Menu
Share
Share this story
Close X
 
Switch to Desktop Site

It's not a shade garden; it's a place for kittens to play hide-and-seek

As I surveyed the wreckage – broken fern fronds, mussed mulch, tree trunks bearing telltale claw marks – I at last realized that the backyard oasis that I thought I had created for myself was, in fact, an oversize kitty playpen.

Actually, my backyard has a long tradition of "going to the dogs." For years, it more closely resembled a lunar landscape than a suburban lot. Giant craters excavated by my two industrious dogs pockmarked it at random intervals. But four Thanksgivings ago, my last dog died.

About these ads

The following spring, I got to work leveling the craters and creating a shade garden under the ancient Japanese maple, planted decades ago by the home's previous owner, who would no doubt have been less than impressed by my late dogs' "improvements."

By this spring, the garden had just about reached its peak – a wide variety of foliage colors and forms had woven together to form a junglelike tapestry.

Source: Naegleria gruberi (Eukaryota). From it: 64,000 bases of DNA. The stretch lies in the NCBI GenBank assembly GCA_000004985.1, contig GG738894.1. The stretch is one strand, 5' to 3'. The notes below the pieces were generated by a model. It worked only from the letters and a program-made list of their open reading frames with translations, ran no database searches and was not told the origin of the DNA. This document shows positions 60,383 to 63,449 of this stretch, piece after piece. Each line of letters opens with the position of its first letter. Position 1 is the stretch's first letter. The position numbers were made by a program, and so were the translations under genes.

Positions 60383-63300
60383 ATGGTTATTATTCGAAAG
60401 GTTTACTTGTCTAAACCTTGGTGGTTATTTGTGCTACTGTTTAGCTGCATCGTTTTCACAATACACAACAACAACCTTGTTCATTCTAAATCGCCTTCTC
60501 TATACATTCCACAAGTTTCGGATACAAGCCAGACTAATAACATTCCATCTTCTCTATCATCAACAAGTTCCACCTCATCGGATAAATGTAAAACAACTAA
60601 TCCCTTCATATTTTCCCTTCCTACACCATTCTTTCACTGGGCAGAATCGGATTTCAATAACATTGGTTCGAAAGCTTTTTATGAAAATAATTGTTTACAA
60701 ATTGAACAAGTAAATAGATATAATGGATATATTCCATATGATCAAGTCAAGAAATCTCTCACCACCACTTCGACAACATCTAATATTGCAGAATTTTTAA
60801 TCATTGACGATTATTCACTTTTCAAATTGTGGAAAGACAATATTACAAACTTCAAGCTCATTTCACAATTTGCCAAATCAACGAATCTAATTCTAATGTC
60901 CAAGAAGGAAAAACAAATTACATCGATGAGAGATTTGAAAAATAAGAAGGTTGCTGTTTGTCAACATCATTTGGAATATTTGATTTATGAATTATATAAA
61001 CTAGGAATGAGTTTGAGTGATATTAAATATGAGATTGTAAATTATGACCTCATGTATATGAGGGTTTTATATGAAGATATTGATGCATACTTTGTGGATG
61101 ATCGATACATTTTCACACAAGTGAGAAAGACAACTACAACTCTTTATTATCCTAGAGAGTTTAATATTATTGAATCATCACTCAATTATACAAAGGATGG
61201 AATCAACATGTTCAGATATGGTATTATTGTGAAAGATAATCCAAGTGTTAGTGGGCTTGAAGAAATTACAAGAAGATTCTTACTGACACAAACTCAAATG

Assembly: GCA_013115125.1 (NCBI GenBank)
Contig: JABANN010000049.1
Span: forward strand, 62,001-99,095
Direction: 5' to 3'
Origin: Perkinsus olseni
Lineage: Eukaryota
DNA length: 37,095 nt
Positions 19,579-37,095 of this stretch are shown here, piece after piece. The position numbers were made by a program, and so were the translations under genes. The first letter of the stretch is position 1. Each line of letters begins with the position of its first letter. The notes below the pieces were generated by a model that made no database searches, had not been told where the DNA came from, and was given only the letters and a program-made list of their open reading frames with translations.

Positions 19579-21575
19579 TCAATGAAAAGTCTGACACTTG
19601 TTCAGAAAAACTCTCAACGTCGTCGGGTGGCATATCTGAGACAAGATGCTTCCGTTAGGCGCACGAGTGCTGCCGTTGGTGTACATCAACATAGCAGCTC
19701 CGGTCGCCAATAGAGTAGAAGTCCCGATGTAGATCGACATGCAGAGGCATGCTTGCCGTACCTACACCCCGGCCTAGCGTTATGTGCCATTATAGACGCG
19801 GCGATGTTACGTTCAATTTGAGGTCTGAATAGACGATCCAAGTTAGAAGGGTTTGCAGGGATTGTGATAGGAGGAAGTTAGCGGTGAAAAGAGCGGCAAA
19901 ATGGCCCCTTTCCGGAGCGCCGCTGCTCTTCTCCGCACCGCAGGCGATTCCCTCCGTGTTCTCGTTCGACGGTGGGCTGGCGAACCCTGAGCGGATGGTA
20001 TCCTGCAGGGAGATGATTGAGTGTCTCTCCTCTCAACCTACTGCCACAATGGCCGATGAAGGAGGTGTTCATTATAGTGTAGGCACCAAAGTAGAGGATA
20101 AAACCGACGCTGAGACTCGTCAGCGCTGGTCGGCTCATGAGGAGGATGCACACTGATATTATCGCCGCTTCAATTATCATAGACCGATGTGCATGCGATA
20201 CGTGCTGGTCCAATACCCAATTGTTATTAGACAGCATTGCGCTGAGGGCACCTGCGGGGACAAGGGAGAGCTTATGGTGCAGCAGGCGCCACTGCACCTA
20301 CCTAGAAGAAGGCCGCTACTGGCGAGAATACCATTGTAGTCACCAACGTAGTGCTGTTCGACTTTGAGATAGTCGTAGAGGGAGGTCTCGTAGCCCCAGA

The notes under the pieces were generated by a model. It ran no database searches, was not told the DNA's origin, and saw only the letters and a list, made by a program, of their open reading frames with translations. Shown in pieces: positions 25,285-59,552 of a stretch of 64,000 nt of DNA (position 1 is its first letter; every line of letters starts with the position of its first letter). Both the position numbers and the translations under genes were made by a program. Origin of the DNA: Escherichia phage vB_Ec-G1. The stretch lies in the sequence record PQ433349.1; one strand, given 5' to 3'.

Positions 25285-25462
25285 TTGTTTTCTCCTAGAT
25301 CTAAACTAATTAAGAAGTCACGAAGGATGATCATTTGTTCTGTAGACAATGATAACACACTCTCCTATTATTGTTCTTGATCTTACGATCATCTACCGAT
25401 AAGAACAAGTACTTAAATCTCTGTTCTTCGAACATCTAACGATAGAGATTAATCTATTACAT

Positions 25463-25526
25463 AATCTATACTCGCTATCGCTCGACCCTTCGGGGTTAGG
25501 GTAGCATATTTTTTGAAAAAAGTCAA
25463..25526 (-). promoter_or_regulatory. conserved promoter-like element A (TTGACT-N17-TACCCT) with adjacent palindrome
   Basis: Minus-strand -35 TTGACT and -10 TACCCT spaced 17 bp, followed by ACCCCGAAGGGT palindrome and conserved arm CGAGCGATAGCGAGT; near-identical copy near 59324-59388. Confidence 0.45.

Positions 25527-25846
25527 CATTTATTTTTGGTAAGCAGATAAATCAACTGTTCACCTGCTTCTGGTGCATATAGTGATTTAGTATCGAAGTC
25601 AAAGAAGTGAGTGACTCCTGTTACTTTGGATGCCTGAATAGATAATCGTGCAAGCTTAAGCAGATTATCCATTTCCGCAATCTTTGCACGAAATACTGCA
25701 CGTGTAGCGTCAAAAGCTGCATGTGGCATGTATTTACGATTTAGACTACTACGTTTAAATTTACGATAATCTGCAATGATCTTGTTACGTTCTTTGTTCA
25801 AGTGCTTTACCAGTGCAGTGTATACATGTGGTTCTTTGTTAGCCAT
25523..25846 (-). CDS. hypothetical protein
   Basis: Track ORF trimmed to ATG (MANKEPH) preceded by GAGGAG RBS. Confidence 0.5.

And then ... the kittens came. And they saw. And they conquered.

The kittens were a "gift" from my neighbor, the last of two litters I had paid to get spayed and neutered (along with their moms and dads) at a low-cost clinic before placing them with carefully screened families.

The last two kittens managed to worm their way into my heart and home without my fully realizing it. They insinuated themselves into my other cats' good graces by adamantly refusing to take offense at introductory hisses and swats.

It was almost as if they knew their charm could win over even the curmudgeonliest old codger of a cat – and before long it did. I now routinely look out the window to see an adolescent kitten lounging on a bench, getting a thorough bath from a doting "uncle."

The kittens seem to think that my backyard, securely fenced to thwart feline escape artists, is their own personal amusement park. They attack clumps of ornamental grasses, lie in wait under hosta leaves in order to ambush an unsuspecting passerby, scale the maple and fig trees, and play endless games of tag and hide-and-seek among the lush vegetation.

About these ads

All of this activity takes its toll on the plants. But I think the kittens may have charmed even them because they bounce back from the repeated onslaughts with amazing speed.

Maybe the kittens are right, and that's what the garden is really for.


Follow Stories Like This
Get the Monitor stories you care about delivered to your inbox.